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Is This the End of Berkshire Hathaway?

Morgan Housel
March 2, 2009

Nothing lasts forever. There's no such thing as a free lunch. If it sounds too good to be true, it is. If it can't keep going, it won't. Caveat emptor.

Call it what you will. Berkshire Hathaway (NYSE: BRK-A  ) (NYSE: BRK-B  ) did something it hasn't done since Warren Buffett took the helm in the mid-60s: It had a terrible year.

Had to happen eventually
OK, maybe not terrible, but its worst ever by far. Per-share book value fell 9.6% in 2008, marking only the second time since 1965 it recorded negative results.

Berkshire's share performance, unfortunately, has been markedly worse. Shares are off 45% in the past year, falling back to 1998 levels.

Such is life. Most stocks are on a similar trajectory these days. Factor in investments in battered financials like Wells Fargo (NYSE: WFC  ) , American Express (NYSE: AXP  ) , and Bank of America (NYSE: BAC  ) , not to mention its dozens of operating subsidiaries waist-deep in industries like construction and retail, and a 45% plunge probably seems justified.

That, however, is hardly the main driver behind the recent nosedive. The growing fear is not necessarily over Berkshire's core holdings; above all, the worry is over a set of equity derivatives that, thought goes, could ultimately implode Buffett's track record of domination.

No one's perfect
Over the past few years, Berkshire sold a boatload of derivatives that effectively bet on the long-term strength of global stock market indices. By selling equity put options, it agreed to pay huge sums of money if the indices fell below levels they were initially struck at when the contracts expire -- which fall at various times between 2019 and 2028.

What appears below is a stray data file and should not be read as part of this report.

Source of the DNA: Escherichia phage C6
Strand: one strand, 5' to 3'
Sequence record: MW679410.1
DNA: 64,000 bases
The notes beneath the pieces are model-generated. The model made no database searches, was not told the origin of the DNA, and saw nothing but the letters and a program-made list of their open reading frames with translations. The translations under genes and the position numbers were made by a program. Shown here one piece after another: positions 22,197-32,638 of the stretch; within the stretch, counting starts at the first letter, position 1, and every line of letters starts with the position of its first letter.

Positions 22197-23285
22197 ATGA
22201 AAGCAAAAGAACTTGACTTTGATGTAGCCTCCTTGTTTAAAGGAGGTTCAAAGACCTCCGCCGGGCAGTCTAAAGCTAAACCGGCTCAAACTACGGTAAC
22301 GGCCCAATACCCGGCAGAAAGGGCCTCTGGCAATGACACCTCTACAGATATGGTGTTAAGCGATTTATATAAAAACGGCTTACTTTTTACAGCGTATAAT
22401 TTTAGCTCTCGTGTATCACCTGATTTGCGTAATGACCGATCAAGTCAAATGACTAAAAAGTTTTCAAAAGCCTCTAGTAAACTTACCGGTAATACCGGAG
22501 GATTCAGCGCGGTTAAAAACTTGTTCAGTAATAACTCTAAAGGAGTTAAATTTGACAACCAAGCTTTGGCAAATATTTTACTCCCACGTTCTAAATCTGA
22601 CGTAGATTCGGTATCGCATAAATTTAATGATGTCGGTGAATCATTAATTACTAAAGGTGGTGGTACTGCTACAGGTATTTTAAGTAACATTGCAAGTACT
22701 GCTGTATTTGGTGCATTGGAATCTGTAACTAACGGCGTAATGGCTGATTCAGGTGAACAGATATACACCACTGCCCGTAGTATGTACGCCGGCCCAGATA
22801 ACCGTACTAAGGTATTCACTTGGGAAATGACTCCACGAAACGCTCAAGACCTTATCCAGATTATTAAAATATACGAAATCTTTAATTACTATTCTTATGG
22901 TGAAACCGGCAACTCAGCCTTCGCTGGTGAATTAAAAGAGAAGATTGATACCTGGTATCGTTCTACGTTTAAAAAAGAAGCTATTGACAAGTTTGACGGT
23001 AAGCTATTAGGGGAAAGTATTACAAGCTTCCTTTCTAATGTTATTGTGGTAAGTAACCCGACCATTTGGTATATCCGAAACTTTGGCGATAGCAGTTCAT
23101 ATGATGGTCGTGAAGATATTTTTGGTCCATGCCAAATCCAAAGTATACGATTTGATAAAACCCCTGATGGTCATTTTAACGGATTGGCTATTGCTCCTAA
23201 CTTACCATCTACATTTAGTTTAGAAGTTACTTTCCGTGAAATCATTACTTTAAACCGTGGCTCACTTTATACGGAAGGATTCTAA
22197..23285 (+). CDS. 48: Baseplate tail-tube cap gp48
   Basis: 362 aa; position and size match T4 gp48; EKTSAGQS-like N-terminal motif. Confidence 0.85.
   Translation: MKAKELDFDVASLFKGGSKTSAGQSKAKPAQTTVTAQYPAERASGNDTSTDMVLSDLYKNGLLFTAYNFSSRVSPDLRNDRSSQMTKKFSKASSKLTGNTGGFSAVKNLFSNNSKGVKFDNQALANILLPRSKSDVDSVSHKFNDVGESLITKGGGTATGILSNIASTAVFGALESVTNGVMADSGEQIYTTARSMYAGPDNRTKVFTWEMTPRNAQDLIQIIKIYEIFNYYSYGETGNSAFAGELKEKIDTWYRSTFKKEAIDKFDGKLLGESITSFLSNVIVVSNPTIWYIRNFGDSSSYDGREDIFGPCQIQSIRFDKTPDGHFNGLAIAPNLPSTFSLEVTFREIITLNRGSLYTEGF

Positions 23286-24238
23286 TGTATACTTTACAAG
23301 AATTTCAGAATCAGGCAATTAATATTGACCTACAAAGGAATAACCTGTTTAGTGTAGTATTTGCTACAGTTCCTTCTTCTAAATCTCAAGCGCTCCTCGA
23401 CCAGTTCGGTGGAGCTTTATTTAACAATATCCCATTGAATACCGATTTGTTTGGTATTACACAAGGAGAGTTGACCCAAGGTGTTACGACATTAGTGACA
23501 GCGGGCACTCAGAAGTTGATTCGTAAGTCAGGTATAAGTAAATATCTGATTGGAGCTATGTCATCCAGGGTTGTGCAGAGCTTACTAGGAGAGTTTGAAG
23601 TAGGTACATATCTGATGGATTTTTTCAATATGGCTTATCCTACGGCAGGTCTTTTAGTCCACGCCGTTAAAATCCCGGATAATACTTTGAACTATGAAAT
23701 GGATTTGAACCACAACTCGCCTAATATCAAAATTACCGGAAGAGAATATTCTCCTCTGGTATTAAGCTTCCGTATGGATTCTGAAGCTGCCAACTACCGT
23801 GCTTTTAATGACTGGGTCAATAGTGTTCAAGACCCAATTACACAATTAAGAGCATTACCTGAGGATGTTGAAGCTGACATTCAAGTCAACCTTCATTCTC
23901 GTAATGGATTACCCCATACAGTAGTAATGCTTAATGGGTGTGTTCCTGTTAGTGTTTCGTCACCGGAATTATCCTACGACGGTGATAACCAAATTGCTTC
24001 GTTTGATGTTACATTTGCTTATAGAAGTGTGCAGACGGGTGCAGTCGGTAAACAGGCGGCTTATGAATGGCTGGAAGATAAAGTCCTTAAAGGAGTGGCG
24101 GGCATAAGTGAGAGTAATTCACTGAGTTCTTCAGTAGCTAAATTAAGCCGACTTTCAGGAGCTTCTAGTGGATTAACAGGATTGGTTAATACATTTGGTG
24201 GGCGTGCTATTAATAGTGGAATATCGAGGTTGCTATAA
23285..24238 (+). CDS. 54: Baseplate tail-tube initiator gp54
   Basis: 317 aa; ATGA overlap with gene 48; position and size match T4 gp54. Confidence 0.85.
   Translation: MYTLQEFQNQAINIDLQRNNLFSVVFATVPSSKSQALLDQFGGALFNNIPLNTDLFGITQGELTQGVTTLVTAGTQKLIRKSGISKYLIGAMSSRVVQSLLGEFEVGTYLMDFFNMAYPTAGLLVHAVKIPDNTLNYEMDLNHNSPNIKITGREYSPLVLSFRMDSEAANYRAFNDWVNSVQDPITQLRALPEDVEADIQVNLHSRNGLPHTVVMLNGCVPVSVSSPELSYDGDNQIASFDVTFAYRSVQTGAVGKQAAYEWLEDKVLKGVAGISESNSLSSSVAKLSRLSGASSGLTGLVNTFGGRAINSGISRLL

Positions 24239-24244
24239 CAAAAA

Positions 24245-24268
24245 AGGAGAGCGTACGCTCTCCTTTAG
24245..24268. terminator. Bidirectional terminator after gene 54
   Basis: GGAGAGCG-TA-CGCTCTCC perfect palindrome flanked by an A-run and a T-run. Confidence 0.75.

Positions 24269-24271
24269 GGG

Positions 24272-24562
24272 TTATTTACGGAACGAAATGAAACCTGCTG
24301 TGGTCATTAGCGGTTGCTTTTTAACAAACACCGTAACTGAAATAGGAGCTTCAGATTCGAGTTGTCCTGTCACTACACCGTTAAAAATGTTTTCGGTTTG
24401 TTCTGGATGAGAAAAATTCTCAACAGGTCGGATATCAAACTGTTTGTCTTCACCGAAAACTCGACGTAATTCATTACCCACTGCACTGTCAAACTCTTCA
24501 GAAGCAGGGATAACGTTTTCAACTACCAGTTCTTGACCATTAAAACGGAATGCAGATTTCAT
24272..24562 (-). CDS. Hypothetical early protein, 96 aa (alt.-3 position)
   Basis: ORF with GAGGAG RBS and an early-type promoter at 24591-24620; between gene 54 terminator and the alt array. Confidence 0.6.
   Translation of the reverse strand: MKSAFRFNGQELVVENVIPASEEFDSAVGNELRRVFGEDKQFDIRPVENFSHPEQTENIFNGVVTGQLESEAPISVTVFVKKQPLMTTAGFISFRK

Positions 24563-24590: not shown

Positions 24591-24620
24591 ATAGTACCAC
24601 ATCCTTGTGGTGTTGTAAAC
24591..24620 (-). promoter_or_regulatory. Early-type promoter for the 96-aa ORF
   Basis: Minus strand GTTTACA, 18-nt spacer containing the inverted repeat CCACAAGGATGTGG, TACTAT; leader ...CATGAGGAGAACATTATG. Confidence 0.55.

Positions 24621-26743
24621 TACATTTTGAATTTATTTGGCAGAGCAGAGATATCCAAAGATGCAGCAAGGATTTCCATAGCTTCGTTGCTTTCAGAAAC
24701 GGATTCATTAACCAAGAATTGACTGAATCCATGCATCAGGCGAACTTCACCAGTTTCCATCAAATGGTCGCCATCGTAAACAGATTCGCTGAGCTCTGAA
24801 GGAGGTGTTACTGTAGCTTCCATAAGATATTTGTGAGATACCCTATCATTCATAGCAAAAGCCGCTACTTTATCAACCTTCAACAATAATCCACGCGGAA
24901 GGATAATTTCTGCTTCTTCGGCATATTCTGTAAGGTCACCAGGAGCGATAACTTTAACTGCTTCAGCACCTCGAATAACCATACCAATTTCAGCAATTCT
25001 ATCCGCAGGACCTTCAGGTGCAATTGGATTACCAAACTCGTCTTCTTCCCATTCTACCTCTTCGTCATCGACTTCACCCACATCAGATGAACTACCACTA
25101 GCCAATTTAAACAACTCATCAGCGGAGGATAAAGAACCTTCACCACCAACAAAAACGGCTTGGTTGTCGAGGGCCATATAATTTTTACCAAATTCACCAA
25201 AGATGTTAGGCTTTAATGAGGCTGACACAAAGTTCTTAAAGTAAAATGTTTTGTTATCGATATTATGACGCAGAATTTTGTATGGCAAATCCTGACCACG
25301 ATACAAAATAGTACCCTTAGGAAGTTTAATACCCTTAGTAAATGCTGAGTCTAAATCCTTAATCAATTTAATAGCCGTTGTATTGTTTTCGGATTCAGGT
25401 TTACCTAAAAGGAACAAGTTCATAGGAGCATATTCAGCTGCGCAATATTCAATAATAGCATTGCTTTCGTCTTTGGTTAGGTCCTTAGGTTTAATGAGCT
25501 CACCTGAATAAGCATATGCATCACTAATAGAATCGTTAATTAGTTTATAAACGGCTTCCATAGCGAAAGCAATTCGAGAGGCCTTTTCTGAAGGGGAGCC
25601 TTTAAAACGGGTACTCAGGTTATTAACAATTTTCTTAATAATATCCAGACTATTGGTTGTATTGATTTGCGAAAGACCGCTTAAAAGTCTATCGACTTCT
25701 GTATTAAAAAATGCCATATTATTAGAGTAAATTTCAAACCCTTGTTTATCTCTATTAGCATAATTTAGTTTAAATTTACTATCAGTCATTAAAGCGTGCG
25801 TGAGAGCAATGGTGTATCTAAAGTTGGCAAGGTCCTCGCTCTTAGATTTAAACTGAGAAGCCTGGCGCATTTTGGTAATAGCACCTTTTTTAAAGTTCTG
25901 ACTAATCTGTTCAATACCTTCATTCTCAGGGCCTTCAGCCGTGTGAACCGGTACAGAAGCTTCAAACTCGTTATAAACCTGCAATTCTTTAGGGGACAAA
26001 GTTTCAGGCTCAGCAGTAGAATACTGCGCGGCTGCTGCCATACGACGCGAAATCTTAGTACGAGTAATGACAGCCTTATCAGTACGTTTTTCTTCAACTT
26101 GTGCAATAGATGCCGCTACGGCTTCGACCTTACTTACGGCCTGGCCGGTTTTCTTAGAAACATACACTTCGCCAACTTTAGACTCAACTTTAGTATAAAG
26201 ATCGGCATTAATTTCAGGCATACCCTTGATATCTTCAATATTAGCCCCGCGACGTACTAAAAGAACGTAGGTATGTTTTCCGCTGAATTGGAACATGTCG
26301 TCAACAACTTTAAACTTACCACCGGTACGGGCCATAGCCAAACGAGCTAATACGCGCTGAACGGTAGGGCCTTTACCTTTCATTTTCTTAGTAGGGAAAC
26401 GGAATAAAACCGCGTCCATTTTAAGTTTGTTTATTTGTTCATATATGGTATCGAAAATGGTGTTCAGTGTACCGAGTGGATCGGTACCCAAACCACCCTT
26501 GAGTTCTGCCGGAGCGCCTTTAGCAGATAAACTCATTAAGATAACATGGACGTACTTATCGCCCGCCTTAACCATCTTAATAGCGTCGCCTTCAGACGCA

Since most of the options were sold in the glory days of yesteryear-- when indices were as much as twice as high as they are today -- Berkshire's current mark-to-market loss sits at $10 billion and grows by the day -- as global markets disintegrate.

Here's where the doomsayers come in: If indices fall to zero on and between 2019 and 2028, Berkshire could be on the hook for as much as $37.1 billion. That, even by Berkshire standards, would be a catastrophic loss.

It's all a bunch of ballyhoo
Nothing seems impossible after these last 12 months. Talk about stock markets becoming worthless, and rational people take you seriously. Still, let's be real: If major stock indices go to zero, Berkshire's liabilities won't be on anyone's mind. Guns, ammunition, canned food, and bomb shelters will be.

More importantly, the uproar ignores the most important part of the derivative contracts: that Berkshire received $4.9 billion up front, and won't be liable for a penny until they expire between 2019 and 2028. I know: $4.9 billion is peanuts compared to a potential $37.1 billion liability, but it's still a lot of money, and 10-20 years is a long time.

Long enough, in fact, that even if the derivatives do ultimately end up in the red, the future value of the $4.9 billion would likely offset even a massive loss. Using a 15-year timeframe (roughly the average time from now until 2019-2028), here's the pre-tax compounded value of $4.9 billion under different returns:

Annual Return